SEOUL, April 22 – For the 2nd time now, North Korea offered on Friday to send to Seoul the families of a group of restaurant workers who according to state media, it says were abducted to the South, after South Korea rejected the first approach.
13 North Korean workers at a restaurant run by the North in China had defected two weeks ago, where North Korea saw the case as the first of its kind, where it accused South Korea of a “hideous abduction”. The chairman of the North Korean Red Cross said in a statement that the families of the abductees are keenly requesting for face-to-face contact with their daughters as they were obliged by force to part from their beloved daughters. Adding; “At their earnest requests, our side again seriously notifies your side of our decision to send them to Seoul via Panmunjom.”
A truce ending the 1950-53 Korean War was signed in Panmunjom, the inter-Korean border village on the demilitarized zone where North and South Korea hold rare joint meetings and rival soldiers stand face-to-face in the world’s most heavily fortified border, a place of a peace treaty.
In other words, North and South Korea remain technically at war, however stuck somehow in a prolonged period of exchanged rhetoric and heightened tension.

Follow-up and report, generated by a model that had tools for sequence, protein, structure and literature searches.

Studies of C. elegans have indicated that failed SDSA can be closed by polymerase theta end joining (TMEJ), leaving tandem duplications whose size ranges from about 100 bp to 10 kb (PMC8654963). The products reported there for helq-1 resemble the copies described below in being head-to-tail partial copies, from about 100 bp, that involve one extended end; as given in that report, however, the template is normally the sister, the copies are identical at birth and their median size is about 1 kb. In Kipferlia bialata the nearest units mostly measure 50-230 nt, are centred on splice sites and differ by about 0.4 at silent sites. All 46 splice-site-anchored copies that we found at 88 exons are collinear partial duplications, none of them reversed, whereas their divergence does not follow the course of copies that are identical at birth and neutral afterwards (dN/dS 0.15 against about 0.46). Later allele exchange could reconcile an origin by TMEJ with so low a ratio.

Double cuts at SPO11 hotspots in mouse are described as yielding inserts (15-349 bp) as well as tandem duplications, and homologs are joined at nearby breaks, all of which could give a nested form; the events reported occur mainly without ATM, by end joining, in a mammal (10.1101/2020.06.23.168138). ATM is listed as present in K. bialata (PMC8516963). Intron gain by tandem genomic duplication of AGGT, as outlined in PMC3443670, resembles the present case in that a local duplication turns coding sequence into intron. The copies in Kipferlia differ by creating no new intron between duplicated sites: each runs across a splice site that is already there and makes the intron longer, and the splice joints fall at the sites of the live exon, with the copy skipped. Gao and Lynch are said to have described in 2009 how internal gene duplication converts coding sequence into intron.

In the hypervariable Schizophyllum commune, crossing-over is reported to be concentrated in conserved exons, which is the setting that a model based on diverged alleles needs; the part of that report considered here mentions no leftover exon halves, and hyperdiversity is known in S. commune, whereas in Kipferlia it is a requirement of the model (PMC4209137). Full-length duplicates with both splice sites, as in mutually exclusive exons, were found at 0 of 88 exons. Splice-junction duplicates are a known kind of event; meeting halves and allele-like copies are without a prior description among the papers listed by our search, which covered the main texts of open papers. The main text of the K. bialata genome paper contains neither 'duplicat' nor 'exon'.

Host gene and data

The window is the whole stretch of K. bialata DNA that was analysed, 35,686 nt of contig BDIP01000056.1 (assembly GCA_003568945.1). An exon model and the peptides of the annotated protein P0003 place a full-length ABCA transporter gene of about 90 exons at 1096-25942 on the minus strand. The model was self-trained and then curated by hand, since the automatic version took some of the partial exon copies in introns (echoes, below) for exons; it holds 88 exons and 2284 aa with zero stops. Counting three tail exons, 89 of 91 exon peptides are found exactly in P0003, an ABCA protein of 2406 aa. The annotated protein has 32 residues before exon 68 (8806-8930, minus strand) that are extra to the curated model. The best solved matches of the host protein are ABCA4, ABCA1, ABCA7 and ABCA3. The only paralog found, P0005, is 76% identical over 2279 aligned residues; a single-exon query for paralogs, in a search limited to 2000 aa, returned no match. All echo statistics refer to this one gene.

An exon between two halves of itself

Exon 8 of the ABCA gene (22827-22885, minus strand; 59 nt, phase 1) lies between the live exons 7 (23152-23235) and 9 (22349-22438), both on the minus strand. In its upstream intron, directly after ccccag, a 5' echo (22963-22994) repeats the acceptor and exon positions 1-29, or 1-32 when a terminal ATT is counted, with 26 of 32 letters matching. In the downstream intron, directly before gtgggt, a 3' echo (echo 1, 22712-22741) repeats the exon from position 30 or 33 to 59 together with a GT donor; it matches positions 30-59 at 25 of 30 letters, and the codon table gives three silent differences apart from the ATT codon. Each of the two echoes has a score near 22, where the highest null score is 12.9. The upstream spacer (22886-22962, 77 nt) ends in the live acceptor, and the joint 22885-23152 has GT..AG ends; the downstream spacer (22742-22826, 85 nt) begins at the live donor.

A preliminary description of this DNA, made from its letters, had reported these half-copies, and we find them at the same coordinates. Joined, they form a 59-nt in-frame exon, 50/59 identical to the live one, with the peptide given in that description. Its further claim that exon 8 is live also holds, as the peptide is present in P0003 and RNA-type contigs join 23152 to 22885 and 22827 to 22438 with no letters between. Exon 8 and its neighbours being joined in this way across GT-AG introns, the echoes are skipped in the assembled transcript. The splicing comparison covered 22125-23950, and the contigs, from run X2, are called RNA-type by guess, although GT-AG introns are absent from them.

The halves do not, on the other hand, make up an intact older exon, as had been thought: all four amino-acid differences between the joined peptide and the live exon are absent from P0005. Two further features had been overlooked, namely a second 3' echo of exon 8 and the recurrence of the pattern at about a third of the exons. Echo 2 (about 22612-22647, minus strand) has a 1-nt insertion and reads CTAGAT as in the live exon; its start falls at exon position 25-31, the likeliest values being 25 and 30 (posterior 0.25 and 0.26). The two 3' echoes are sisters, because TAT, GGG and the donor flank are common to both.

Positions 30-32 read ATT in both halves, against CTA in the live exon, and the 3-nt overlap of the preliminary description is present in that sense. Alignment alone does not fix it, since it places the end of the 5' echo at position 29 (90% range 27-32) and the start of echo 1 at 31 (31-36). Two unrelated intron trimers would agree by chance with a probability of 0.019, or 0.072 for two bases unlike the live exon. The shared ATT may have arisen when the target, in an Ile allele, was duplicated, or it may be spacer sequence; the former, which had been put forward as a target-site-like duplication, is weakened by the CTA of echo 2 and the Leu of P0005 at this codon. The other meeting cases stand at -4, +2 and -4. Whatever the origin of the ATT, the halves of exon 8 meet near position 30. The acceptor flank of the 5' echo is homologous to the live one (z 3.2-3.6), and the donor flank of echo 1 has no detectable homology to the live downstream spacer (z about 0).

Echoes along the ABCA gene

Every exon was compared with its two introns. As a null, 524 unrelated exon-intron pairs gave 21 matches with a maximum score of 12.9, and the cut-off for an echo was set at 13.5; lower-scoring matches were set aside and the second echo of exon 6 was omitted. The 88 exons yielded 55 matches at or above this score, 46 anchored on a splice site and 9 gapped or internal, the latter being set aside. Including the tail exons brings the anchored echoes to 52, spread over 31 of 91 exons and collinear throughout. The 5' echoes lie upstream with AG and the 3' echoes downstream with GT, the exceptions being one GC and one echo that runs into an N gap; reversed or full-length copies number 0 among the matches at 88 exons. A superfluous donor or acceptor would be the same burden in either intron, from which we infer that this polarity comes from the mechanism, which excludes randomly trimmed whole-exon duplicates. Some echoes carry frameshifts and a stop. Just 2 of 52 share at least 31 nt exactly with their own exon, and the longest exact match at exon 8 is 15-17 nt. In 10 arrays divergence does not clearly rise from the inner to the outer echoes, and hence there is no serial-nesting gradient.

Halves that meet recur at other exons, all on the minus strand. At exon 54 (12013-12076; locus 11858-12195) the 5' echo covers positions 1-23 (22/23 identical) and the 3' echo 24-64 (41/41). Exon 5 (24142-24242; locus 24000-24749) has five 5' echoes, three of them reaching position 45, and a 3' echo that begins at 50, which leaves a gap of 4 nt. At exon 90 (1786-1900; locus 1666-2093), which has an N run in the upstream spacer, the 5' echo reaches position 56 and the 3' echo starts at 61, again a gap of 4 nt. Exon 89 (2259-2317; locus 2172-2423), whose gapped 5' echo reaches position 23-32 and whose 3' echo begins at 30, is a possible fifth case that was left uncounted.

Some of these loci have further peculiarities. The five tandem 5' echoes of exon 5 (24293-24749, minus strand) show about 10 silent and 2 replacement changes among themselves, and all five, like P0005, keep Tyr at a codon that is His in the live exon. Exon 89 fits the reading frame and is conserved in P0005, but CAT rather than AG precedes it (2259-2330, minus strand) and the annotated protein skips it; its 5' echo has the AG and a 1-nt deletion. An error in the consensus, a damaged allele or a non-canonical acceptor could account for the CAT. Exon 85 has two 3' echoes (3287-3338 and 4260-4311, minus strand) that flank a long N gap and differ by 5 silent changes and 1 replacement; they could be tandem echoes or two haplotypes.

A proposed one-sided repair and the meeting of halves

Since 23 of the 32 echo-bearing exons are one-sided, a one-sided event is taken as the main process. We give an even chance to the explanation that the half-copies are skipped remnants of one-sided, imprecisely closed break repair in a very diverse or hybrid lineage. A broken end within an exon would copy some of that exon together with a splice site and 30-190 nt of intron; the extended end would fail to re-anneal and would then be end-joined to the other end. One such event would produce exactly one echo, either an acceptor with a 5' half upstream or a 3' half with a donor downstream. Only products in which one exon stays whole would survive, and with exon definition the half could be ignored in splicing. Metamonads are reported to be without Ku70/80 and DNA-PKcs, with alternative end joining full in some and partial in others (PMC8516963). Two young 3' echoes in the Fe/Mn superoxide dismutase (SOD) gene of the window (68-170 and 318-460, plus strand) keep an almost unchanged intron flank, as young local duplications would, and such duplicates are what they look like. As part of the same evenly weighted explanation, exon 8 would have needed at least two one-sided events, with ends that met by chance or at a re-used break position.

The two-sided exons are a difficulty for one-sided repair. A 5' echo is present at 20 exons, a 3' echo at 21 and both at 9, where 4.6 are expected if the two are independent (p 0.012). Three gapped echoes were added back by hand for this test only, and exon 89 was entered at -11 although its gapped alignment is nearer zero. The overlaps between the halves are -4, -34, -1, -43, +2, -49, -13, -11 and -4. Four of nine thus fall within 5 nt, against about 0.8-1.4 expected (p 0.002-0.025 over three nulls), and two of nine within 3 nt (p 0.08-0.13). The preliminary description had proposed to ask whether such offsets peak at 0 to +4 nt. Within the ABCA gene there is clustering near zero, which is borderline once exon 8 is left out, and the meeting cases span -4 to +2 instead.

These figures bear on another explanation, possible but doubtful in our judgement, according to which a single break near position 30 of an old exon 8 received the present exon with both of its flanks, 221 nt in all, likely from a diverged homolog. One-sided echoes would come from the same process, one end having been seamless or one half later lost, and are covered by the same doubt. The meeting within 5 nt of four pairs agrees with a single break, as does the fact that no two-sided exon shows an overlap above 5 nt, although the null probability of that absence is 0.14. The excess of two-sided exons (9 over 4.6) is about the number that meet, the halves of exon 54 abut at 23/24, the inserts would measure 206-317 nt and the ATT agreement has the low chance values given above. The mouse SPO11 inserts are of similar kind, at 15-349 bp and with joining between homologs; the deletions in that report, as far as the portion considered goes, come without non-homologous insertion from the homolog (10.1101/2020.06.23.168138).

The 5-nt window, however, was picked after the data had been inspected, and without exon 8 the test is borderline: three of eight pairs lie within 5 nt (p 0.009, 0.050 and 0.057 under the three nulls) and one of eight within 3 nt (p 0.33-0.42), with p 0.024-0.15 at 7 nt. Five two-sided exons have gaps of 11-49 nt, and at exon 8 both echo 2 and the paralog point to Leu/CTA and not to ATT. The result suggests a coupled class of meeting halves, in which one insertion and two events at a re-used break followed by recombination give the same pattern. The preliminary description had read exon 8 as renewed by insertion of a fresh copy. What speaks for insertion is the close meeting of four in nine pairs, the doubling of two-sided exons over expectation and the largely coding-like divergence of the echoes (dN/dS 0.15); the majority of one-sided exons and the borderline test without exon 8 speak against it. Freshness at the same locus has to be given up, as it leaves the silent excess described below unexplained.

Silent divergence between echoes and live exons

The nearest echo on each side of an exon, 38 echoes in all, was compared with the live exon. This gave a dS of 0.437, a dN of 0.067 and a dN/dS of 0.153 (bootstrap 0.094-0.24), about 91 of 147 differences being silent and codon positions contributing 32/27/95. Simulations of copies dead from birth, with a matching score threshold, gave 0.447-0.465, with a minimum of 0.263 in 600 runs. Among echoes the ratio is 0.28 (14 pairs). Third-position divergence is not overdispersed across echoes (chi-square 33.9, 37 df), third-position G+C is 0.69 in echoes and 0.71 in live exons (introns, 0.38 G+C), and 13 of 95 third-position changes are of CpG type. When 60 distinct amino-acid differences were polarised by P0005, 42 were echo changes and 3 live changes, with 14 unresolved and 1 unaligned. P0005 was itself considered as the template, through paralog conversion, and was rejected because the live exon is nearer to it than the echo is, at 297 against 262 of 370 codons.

North Korea has adopted a different strategy under leader Kim Jong Un when it comes to defectors, displaying re-defectors on national television and bringing the families of defectors to Panmunjom.
7 of the restaurant workers cried as they explained how their colleagues got deluded, noting that these 7 are of those who did not defect and returned to Pyongyang were paraded in front of a CNN reporter on a trip to the isolated country this week.
South Korea’s unification ministry said in a statement, reiterating comments from Thursday in response to North Korea’s first offer to send the families to the South, that the defection took place according to the workers’ “free will” and dismissed the offer as propaganda.
“(The offer) is unacceptable, considering their hopes, free will, and international customs concerning humanitarian issues,” it said.
About 29,000 people have fled North Korea and arrived in the South since the war, including 1,276 last year, with numbers declining since a 2009 peak. In the first quarter of this year, 342 North Koreans arrived in the South.